One important part of the process is a meditation known as Vidui. It’s essentially an inventory of all the ways a person can fall short of the mark. Though much of the prayer is focused on what is perceived as improper behavior toward God, there are also sections in which the focus is how we might have let ourselves and others down by not being the best person we can be.

The idea is to identify shortcomings and make amends if these have caused harm to others. Being sorry is not enough. One has to act on that sorrow with a genuine desire to heal the damage, directly if possible and indirectly if not, and then resolve to not fall short in that way again.

It’s a deeply moving process, if taken seriously. I have found in my own life that the High Holy Days have helped me come to grips with the unfinished business of the past, find a healthy and forward-looking resolution, and truly feel I can move on. Whether a believer of another faith or not, reviewing the Vidui for yourself can function as a form of self help–free therapy from an ancient rite! Those who want the secular take can scroll quickly through the rest.

So why is it Thanksgiving? This is more personal. There’s a ceremony on the first day of Rosh Hashanah called Tashlich, where Jews throw bread upon water as a way of casting aside the last year and moving into this period of renewal. I feel I keep a pretty close watch on myself year-round. I think I do a pretty good job of being mindful of the needs and feelings of others, and I do my best not to behave in a way that loads others down with burdens that rightfully I should carry. I’m pretty good about finding what requires atonement and doing it at the time. Since I’m not very good at coming up with a long list of things to repent, I use Tashlich a different way.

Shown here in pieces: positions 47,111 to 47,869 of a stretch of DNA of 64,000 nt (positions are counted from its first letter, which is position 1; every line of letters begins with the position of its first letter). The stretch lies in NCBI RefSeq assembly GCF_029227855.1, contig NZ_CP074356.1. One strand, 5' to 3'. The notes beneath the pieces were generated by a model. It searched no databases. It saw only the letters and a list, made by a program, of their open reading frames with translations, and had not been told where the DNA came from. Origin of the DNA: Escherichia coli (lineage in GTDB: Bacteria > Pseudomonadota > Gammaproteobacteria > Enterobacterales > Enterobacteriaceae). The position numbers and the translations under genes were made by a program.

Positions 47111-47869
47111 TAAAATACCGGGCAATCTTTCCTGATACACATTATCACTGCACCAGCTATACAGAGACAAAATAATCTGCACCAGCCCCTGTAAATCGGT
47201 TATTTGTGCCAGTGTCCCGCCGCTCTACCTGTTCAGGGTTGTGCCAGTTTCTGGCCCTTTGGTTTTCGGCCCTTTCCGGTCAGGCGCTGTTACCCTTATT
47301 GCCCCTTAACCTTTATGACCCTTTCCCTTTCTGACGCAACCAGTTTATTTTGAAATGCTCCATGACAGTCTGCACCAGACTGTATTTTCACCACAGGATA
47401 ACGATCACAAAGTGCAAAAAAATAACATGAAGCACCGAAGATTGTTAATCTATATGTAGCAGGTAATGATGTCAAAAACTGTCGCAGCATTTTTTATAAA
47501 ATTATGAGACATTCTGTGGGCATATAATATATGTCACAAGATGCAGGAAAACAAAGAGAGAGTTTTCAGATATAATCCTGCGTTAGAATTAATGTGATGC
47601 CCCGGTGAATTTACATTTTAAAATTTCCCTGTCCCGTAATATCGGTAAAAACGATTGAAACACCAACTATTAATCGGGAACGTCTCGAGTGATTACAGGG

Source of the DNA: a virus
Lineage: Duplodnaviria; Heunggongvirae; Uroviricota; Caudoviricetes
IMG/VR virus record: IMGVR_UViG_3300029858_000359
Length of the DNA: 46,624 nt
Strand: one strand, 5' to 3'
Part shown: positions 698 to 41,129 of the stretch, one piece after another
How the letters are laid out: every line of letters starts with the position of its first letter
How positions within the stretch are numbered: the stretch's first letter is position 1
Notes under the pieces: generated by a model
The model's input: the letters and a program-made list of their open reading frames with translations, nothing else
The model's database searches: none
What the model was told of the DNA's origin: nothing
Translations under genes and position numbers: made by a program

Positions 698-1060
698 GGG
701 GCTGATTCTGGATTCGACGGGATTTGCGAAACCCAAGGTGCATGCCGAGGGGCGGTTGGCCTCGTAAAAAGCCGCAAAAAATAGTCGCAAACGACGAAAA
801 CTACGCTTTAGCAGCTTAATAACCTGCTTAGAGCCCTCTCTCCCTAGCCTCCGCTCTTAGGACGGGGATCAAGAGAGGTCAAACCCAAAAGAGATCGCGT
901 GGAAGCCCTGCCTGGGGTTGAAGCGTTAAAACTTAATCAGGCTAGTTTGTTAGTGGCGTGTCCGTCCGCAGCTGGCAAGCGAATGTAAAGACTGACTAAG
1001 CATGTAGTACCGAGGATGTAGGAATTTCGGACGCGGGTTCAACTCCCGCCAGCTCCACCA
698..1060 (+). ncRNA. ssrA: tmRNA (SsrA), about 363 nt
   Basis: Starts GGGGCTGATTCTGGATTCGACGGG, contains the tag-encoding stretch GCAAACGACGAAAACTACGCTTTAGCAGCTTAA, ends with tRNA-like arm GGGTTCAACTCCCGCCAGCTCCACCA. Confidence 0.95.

As I stand at the edge of the Pacific Ocean, I do my best to be grateful for something specific as I throw each morsel of bread. I’m grateful for friends and family; for meaningful work to do; for a comfortable standard of living; for opportunities to grow artistically, intellectually, and spiritually; for good health, and for so many other things. I give thanks, in essence, for the opportunities life provides me for happiness and the ability to move on from the things that stand in the way. May it always be so. Happy New Year!


The Same Me